If you were looking forward to volunteering for the first time for this CBC, they hope you’ll understand and volunteer next year. BUT there are still ways you can join the spirit of the count! Consider these possibilities or invent your own:

Join the Free Zoom CBC Celebration and Summary:

Learn about highlights of this year’s CBC and celebrate with the CBC community. Register here.

Do Your Own Count:

Walk through your neighborhood or visit a park or refuge to gather observations and report your personal findings via eBird. (see below) Be sure to practice social distancing and wear a mask if within six feet of others!

Learn More About Useful Identification and Database Applications:

The Cornell Lab of Ornithology has a suite of useful tools and sites related to birding.

Explore many aspects of birding (species, hotspots, regions, etc.) at ebird.org.

You can also take a free course on their eBird smartphone application that allows you to document the species you see or hear. https://academy.allaboutbirds.org/product/ebird-essentials/

Take a free course on using another great smartphone app, Merlin Bird ID and other tools at https://merlin.allaboutbirds.org

Play learning games about birds at https://academy.allaboutbirds.org/learning-games/

Project FeederWatch:

Count birds that visit your feeders from the safety of your home or yard. Submit data from your sightings to contribute to winter and early bird counts. The 2020–21 FeederWatch season began on November 14 and ends on April 9. You can still sign up, and the last day to start a two-day count is April 8. Details are at https://feederwatch.org.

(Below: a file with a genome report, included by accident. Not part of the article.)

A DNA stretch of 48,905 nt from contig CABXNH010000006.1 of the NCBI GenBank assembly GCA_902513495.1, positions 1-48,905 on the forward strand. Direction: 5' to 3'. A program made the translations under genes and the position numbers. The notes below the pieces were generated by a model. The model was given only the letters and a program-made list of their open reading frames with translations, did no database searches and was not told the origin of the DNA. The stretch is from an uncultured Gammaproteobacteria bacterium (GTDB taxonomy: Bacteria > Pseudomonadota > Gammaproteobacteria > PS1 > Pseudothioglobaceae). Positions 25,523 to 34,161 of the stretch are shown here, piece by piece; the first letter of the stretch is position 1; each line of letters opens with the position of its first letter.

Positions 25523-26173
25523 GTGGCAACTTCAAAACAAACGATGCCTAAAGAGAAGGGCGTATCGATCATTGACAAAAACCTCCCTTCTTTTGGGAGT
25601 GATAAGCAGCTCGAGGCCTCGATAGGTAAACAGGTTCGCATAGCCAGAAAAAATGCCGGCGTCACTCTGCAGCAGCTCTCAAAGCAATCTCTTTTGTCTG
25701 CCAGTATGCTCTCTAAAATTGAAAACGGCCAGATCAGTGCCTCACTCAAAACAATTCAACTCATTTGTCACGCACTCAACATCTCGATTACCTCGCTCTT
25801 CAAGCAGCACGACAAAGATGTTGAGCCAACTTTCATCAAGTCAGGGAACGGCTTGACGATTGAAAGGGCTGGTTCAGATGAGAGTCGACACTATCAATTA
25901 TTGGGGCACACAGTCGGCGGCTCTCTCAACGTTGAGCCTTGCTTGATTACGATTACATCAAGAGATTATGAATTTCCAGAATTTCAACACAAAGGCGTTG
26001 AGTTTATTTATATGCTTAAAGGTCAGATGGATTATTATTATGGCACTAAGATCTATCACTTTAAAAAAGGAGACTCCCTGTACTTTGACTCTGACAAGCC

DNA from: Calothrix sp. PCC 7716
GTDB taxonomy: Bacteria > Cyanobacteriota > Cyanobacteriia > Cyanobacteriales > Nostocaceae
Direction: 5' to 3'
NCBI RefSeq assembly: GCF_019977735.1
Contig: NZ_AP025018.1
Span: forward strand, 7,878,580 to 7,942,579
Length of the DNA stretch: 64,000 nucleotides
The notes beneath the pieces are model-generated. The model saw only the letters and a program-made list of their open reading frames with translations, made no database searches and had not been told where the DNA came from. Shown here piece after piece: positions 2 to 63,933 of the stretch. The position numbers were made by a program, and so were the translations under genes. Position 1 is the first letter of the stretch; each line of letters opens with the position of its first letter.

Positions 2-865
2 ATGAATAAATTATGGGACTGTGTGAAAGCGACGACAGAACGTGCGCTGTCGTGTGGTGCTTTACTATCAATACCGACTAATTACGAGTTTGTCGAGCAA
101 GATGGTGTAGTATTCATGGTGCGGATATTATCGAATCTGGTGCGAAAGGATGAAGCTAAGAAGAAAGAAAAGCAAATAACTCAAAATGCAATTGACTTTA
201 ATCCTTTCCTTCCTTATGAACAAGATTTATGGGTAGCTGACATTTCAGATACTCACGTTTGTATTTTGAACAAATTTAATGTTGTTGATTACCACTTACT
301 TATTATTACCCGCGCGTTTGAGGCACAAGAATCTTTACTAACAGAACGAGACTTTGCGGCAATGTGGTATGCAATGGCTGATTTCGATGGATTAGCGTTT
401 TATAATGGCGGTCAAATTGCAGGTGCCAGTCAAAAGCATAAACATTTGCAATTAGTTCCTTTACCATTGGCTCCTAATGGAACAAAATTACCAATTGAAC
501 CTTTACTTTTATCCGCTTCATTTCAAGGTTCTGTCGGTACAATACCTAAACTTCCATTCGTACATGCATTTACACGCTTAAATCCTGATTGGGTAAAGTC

CBC Feeder Watchers:

If you reside in the Manassas-Bull Run CBC circle, you can count your feeder birds on December 20 and send a report that can be included in the official count. Contact the CBC compiler Phil Silas, epsdcva@aol.com for details.

Audubon Afternoon with Dr. Sahas Barve, January 17th

Photo by Jennifer Renteria

Sunday, January 17, 2021
3 – 4:30 pm
Free
Register here.

Join Audubon Society of Northern Virginia and learn how birds stay warm in cold weather and extreme elevations. Sahas is an avian evolutionary ecologist and currently a Peter Buck Fellow at the Smithsonian National Museum of Natural History where he studies how birds stay warm in the high Himalayas. He is also an avid birder and hopes to see 6,000 bird species by the time he is 60. Learn more about him at his website www.sahasbarve.com.

Birds and Culture with Bill Young, Six online sessions, November 16th – December 1st

Parc de Belleville, Julien Malland

November 16, 17, 23, 24, 30; December 1, 7:00 to 8:00 PM
6 one-hour sessions, 7 — 8 pm
Fee: $40
Register here

Birds have inspired the imaginations of people from prehistoric times to the modern era. They have influenced the development of human language, religion, music, literature, art and many other areas. Audubon Society of Northern Virginia‘s Birds and Culture will examine these relationships in a 6-part course. Birders of all skill levels will be able to understand the content.

Instructor: Bill Young is a writer who lives in Arlington. He is the author of The Fascination of Birds: From the Albatross to the Yellowthroat. He is the co-creator of the MPNature.com website, which contains information about birds, plants and other aspects of natural history at Monticello Park in Alexandria. Bill also makes nature videos, and his YouTube channel has had over half a million views.